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Stravinsky Inspires Symphony
Thomas delivers unusual tribute
Allan Ulrich, Chronicle Music Critic
Friday, February 9, 2001
©2001 San Francisco Chronicle
Carnegie Hall will get some of the best that the San Francisco Symphony has to offer when the orchestra tours to New York two weeks hence. Manhattan will also get most of the best.
For the first time, 145 members of Vance George's San Francisco Symphony Chorus -- singing in four languages -- will make the transcontinental trek for programs devoted to Mahler and Stravinsky. It was the latter who monopolized Wednesday evening's subscription concert in Davies Symphony Hall under music director Michael Tilson Thomas, some of his more inspired conducting of the season.
A gala event of sorts, this was not a preview so much as the main event, and a brave one, too. A pair of the composer's landmark choral works, "Les Noces" (The Wedding) and "Symphony of Psalms" (replacing the originally scheduled "Agon"), followed a radiant reprise of the 1934 melodrama "Persephone," introduced here in 1997 and subsequently recorded for RCA Red Seal by this team. These pieces span a crucial 17 years, a period in which Stravinsky consolidated the hold of neoclassicism on 20th century music.
Stravinsky, who never disappears from the repertoires of enlightened orchestras, figures prominently on the West Coast this year, the 30th anniversary of the composer's death (in April). On Feb. 22, the Los Angeles Philharmonic launches a three-week festival in the city where Stravinsky spent the last decades of his life, and that orchestra will tour here with two Stravinsky piano works on its March 13 concert.
Thomas, however, may have come up with the season's most unusual tribute -- the original 1917 version of "Les Noces," a jolting and wonderful discovery Wednesday. Audiences know these four "Russian Choreographic Scenes" in the version scored for four pianos and percussion, the instrumentation that served for Bronislava Nijinska's epochal 1923 ballet (once a staple at the Oakland Ballet).
This earlier version, edited after the composer's death by Ramiro Cortes and Robert Craft, deploys a far grander orchestra. It includes only one piano and a modest percussion battery, but adds harpsichord, cimbalom, two harps and eight strings, plus an enormous brass and woodwind complement. The results blunt the primitive, ritualistic, almost sepia quality of the familiar scoring and recall the exotic colors conjured by Stravinsky's teacher, Rimsky-Korsakov.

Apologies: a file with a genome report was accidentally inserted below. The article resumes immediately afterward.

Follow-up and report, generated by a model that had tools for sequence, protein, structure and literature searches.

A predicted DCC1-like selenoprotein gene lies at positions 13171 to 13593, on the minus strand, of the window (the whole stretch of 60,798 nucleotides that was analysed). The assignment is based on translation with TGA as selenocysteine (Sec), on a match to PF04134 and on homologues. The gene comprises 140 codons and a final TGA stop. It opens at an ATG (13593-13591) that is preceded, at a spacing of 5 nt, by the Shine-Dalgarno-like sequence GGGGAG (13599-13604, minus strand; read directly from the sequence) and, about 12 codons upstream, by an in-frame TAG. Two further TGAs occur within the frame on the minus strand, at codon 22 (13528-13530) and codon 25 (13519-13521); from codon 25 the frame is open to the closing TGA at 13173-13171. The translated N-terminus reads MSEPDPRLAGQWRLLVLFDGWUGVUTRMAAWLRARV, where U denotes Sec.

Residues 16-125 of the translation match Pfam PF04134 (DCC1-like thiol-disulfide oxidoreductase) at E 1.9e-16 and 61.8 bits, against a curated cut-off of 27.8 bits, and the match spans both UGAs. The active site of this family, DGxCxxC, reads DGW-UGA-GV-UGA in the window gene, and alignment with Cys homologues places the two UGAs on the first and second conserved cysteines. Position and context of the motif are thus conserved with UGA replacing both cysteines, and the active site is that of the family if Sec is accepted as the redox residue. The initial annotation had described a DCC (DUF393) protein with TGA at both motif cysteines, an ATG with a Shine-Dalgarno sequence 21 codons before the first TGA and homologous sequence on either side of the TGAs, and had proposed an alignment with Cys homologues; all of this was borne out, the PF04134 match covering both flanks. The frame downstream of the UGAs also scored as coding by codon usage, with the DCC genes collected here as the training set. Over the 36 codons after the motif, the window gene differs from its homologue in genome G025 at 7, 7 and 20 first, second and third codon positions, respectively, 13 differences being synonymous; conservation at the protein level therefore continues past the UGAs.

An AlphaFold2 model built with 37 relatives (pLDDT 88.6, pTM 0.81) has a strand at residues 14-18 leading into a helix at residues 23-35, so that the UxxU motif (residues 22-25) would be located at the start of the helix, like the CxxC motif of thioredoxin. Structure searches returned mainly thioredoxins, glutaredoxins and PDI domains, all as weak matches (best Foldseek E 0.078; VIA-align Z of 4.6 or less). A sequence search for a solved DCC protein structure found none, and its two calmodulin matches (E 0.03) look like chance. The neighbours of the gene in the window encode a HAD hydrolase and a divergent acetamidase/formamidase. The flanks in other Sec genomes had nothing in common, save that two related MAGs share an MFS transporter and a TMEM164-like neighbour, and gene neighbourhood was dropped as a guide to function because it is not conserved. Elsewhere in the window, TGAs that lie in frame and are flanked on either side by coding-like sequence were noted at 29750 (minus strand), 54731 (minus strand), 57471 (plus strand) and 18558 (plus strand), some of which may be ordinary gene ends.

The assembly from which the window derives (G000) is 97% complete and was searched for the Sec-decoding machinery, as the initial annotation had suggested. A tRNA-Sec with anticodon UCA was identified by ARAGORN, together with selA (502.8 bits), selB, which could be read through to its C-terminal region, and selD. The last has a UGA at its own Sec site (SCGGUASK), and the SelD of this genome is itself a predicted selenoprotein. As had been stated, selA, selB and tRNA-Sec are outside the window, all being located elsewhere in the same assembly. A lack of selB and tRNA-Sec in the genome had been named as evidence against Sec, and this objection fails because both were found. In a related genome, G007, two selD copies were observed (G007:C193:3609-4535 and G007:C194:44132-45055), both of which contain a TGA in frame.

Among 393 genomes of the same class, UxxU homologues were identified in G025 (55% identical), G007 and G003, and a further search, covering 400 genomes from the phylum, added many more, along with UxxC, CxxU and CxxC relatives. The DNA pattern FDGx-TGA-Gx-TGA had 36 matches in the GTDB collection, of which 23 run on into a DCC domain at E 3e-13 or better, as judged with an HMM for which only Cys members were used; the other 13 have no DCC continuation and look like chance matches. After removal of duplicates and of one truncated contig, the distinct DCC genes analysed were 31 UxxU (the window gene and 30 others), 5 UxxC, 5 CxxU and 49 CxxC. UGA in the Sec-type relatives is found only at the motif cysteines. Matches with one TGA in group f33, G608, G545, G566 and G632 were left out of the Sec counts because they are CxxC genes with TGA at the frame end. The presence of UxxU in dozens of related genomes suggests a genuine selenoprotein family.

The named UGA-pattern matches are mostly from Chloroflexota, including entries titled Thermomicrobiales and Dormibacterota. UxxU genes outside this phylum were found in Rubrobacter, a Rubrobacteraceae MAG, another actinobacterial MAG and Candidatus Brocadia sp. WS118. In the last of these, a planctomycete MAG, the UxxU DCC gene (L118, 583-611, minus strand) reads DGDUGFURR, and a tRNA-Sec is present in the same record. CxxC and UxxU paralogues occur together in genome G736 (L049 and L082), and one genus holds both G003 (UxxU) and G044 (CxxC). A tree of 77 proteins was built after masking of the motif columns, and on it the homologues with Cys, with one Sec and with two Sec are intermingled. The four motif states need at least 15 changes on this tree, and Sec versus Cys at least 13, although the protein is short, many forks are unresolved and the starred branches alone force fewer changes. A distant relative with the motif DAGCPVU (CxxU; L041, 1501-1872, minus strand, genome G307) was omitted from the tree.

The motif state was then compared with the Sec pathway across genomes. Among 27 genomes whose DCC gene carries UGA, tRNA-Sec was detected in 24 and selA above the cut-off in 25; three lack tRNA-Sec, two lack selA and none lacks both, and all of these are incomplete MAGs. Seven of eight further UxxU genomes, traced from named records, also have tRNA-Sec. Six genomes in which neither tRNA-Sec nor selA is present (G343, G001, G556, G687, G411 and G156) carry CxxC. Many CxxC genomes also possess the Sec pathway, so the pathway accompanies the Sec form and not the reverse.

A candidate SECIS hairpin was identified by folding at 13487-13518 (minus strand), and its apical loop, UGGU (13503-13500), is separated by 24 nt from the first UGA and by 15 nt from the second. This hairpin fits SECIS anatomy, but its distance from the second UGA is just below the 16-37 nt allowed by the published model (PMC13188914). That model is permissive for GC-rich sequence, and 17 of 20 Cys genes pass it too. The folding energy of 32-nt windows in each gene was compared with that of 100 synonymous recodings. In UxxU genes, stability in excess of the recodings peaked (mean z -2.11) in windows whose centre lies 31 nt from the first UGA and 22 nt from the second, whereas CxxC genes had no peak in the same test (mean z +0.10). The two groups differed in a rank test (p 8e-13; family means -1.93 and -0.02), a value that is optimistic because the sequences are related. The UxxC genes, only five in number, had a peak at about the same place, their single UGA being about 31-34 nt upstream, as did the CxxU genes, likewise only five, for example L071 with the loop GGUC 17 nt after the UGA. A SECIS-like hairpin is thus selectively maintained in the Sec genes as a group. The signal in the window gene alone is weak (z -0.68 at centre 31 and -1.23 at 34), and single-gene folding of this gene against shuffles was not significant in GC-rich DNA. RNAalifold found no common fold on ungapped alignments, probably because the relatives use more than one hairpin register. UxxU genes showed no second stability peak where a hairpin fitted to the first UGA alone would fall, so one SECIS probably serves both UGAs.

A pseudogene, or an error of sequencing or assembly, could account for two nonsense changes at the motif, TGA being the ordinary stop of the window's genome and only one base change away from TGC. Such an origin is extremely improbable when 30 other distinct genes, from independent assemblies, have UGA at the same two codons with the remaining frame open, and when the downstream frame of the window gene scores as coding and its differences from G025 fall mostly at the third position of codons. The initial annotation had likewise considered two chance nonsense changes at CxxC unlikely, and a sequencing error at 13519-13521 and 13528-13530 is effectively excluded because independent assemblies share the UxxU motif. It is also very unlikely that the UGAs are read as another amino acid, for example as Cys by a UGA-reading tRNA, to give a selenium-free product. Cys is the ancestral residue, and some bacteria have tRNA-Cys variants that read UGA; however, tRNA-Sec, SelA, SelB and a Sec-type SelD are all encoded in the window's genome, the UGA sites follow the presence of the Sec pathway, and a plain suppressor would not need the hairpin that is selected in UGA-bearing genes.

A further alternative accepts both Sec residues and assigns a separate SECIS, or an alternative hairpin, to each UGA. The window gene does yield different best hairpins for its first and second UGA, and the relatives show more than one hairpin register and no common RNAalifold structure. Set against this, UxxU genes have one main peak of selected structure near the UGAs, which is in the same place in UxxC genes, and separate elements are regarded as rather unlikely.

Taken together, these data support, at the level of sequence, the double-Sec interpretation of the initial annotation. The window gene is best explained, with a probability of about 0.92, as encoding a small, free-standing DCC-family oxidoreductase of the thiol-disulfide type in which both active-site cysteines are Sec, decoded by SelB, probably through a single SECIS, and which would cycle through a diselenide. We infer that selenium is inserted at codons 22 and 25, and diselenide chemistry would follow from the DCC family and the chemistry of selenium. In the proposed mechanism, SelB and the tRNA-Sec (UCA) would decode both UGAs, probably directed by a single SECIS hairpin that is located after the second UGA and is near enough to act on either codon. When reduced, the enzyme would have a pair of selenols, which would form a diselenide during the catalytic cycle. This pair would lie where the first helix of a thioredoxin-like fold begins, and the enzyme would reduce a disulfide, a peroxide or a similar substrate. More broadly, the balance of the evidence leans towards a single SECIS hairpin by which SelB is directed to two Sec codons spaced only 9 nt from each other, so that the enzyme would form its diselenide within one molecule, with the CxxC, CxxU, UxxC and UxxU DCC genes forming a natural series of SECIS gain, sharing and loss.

It adds up to a sublime jangle. Brass fill in harmonies, flutes offer commentaries, bassoons slither around the scale, and instead of the bell tolling at the end to mark the consummation of the marriage, we hear harpsichord, triangles and harps, less insistent and more evocative than the standard version. The moment is magical; whatever "Les Noces" loses in propulsiveness, it acquires in sensuality.
Thomas' version also allowed his imported quartet of Slavic soloists to dominate. Soprano Elena Evseeva, mezzo-soprano Nadezhda Serdjuk, tenor Viktor Lutsjuk and bass Sergei Aleksashkin gave formidably authoritative performances (where do they grow these great voices?), while the Chorus struggled to get out the soft Russian consonants in tempo. Projecting a translation (by Marika Kuzma) rather than printing the text was a problematic innovation, more of the Symphony's multimedia pabulum for the hungry masses.
STATEMENT OF FAITH
The screens remained in operation for "Symphony of Psalms," but this 1930 masterwork, one of the century's supreme statements of faith, reaches for more than mere verbal comprehension. The unique color (no high strings) and fragmentary psalm settings elicited a burnished response from the Chorus and an intense, magisterially balanced, gorgeously voiced reading from the podium.
The limpid lyricism of Stravinsky's setting of Andre Gide's mythological libretto for "Persephone" found Thomas savoring instrumental textures without neglecting the drama. Again, tenor Stuart Neill was the fervent if not always idiomatic Eumolpe. Again, Stephanie Cosserat projected the narration in elocutionary, if somewhat bland French. Again, members of the San Francisco Girls Chorus and Ragazzi, the Peninsula Boys Chorus, participated.
"Persephone," allusive, serene and understated, is a work for a special occasion. Wednesday's performance made it that.
SAN FRANCISCO SYMPHONY: The all-Stravinsky program repeats at 8 tonight and at 2 p.m. Sunday at Davies Symphony Hall. 201 Van Ness.Tickets $15-$80. Call (415) 864- 6000, or go to visitwww.sfsymphony.org.
E-mail Allan Ulrich at email@example.com.
©2001 San Francisco Chronicle Page C6